The Invitation will certainly go down as a hidden gem in the thriller/horror genre in the coming months. It was recently released on VOD with damn near no publicity so hopefully word-of-mouth will save this movie. So far it is a critical hit over 90% on Rotten Tomatoes and was a hit at the numerous film festivals it premiered at months ago.LMG plays a damaged man who has been through a lot in his life and is still grieving for his past mistakes. He and a few others get invited to a mysterious dinner party where things go from normal to strange very, very quickly. But the interesting thing <more>
is only one character LMG seems to see the strangeness while everyone else is laughing it up and enjoying the night. It's interesting because he isn't afraid to speak his mind about how he feels the night is going and what he finds 'strange'. But the sad part is, he's seen as a damaged soul so his outbursts are immediately dismissed. It's the subtle clues he notices something as basic as a drinking game or a bottle of expensive wine that make The Invitation suspenseful. Tiny clues that leave you guessing that something larger is at play, which may or may not be the case. To say anything more would be potentially spoiling the movie, and with most movies, it's the ending that makes or breaks a movie and this one is no different. The ending is well worth the wait, so if you are a fan of suspenseful movies, this is one of the years must see thrillers.
Go in Blind - Don't Watch the Trailer or Read the Reviews (by gsuplee)
This film was a pleasant surprise. The only thing I knew about this movie was the buzz about it. There has been some talk of it being slow, but I disagree. I think the pacing is what builds up to....well, you'll see. And just when you think you know how it ends, you get a punch in the stomach with the final scene.Anyone who is crapping on this movie just didn't "get it". Logan Marshall-Green was tremendous in portraying both his grief and his paranoia. The coyote sequence at the beginning of the film is a harbinger of things to come, and oh-so-symbolic. A truly wonderful <more>
film. I tip my hat to everyone involved in making this gem of a movie.
none of these zombies have a clue. (by andreah-12955)
On the surface level, a very good thriller. It had my heart racing and my palms sweating bullets to the end, and I really appreciated the completely unique approaches to situations we've seen in movies our whole lives. There are many layers to this film but I'll first address the surface. I see many reviews here saying the plot was predictable....... Please understand that knowing that these people were indoctrinated into a cult is necessary. The film didn't really rely on the fact that the bad guys were in a cult to scare the audience. The tension was built and mounted upon <more>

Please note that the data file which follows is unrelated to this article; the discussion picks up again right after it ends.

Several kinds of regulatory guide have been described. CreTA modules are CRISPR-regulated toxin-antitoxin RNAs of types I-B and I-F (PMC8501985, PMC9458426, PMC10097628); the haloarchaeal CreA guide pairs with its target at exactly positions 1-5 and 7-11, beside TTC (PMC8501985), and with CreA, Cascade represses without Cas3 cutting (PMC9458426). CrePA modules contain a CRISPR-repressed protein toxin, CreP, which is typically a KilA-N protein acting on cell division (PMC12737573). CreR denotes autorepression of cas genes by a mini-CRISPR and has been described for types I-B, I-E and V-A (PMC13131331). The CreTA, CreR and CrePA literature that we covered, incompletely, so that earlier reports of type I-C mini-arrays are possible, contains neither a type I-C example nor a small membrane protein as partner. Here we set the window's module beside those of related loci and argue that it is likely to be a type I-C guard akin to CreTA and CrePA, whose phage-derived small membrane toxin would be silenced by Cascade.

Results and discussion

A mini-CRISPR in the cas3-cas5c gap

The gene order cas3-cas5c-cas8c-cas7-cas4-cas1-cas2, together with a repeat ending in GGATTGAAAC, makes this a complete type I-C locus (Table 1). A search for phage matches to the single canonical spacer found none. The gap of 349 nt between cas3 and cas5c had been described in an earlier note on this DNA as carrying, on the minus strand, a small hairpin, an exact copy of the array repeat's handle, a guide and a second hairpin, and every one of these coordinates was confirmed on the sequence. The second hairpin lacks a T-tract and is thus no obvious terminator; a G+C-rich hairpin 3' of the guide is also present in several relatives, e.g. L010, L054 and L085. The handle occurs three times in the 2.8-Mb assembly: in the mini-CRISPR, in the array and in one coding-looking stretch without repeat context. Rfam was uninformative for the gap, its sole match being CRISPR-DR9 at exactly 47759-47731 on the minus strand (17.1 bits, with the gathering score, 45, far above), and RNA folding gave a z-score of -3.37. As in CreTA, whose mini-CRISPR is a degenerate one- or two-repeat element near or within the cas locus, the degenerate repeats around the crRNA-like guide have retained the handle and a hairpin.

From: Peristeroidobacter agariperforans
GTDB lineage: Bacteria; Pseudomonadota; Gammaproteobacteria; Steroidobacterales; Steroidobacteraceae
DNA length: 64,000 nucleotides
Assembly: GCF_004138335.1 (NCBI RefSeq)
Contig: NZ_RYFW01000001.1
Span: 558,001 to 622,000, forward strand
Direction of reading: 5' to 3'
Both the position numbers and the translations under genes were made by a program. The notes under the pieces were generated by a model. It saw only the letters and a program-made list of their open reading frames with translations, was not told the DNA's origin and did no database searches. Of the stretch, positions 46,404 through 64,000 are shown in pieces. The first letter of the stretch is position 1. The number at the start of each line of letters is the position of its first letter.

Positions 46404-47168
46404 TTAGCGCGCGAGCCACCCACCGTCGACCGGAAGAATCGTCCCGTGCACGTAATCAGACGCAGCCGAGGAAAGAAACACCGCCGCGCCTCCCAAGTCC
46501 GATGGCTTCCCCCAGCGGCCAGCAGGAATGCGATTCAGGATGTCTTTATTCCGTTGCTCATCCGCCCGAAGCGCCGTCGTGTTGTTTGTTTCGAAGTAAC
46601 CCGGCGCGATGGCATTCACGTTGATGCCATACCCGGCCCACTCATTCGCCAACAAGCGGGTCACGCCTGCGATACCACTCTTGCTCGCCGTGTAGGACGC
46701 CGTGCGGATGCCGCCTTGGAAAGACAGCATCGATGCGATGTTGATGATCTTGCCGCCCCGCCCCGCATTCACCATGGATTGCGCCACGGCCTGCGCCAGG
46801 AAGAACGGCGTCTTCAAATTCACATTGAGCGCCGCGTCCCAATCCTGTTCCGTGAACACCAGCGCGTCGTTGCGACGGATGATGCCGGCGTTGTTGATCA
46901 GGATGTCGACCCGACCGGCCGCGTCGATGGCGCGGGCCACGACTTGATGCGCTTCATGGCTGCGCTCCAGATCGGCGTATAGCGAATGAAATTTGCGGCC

knowing this, and slowly seeing the dinner party red wedding go from catastrophe to catastrophe without there being a killing spree. You think the killing is going to be around this corner, or that one, but they keep the tension going. This was the scary element or one of the more obvious ones. So if you didn't like the movie because it was "too easy to figure out they were in a cult": Congratulations, you're retarded. I noticed a few details; for example, there was red in every scene. There were very delicately placed pillars in very importance scenes; it's funny how Hollywood will leave their clues while explaining very important concepts that are perhaps beyond the storyline of the film. There was a repetitive symbol, which appeared to be an x within a circle Has many meanings plastered all over all the windows and many pieces of furniture, while curiously placed on the red lantern again, very interesting symbolism hung up in the lawn. The lantern in and of itself is worth mentioning, I can't decide it if signified the blood sacrifice to the ox x within the circle or what, but it's significant can't be appreciated here regardless. This film definitely paid attention to details. One of the key details in indicating who made this film and what it is actually about was the six point star not so randomly stitched into the pillow on the couch, seen as soon as will arrived at the house. I liked the sun salutations at the beginning of the oc cult video on the laptop, followed by an image of the moon at the end, and I especially liked the aleister Crowley look alike who spoke of his wife, who reminded him of "the morning" and "the light." What interesting descriptors! And then one detail that really spoke to me: David David was very interesting name choice for historical reasons, he was the father of Solomon was a music producer. He seemed pretty manipulative to me; David was very manipulative over Eden also interesting name, nice pure white dress while the anorexic waif like insane character was obsessed with the aleister Crowley doppelgänger, he clearly had her psychologically unde his thumb. And she very clearly had been traumatized from past abuse. Interestingly enough, the movie mentioned "redirecting trauma".. Anyways, According to Eden and David, their program was practiced by thousands of people in la and New York. How interesting. How interesting, that he was a music producer, and the end reveals that he is one of many sacrificing innocents to the ox. A legion, almost! Well played Hollywood. The devil certainly is in the details. Trust me, no one has a clue what your movies are actually about. It's probably better that way. I for one certainly don't explain to people what these movies are truly about anymore, because they'll think I'm insane, maybe not so ironically- just like the main character of the film who could see through the friendly facade and everyone thought he was paranoid. Well played, Hollywood. But that all aside, great acting, great script, score, beautiful cinematography, and a great thriller. I highly recommend this fascinating film.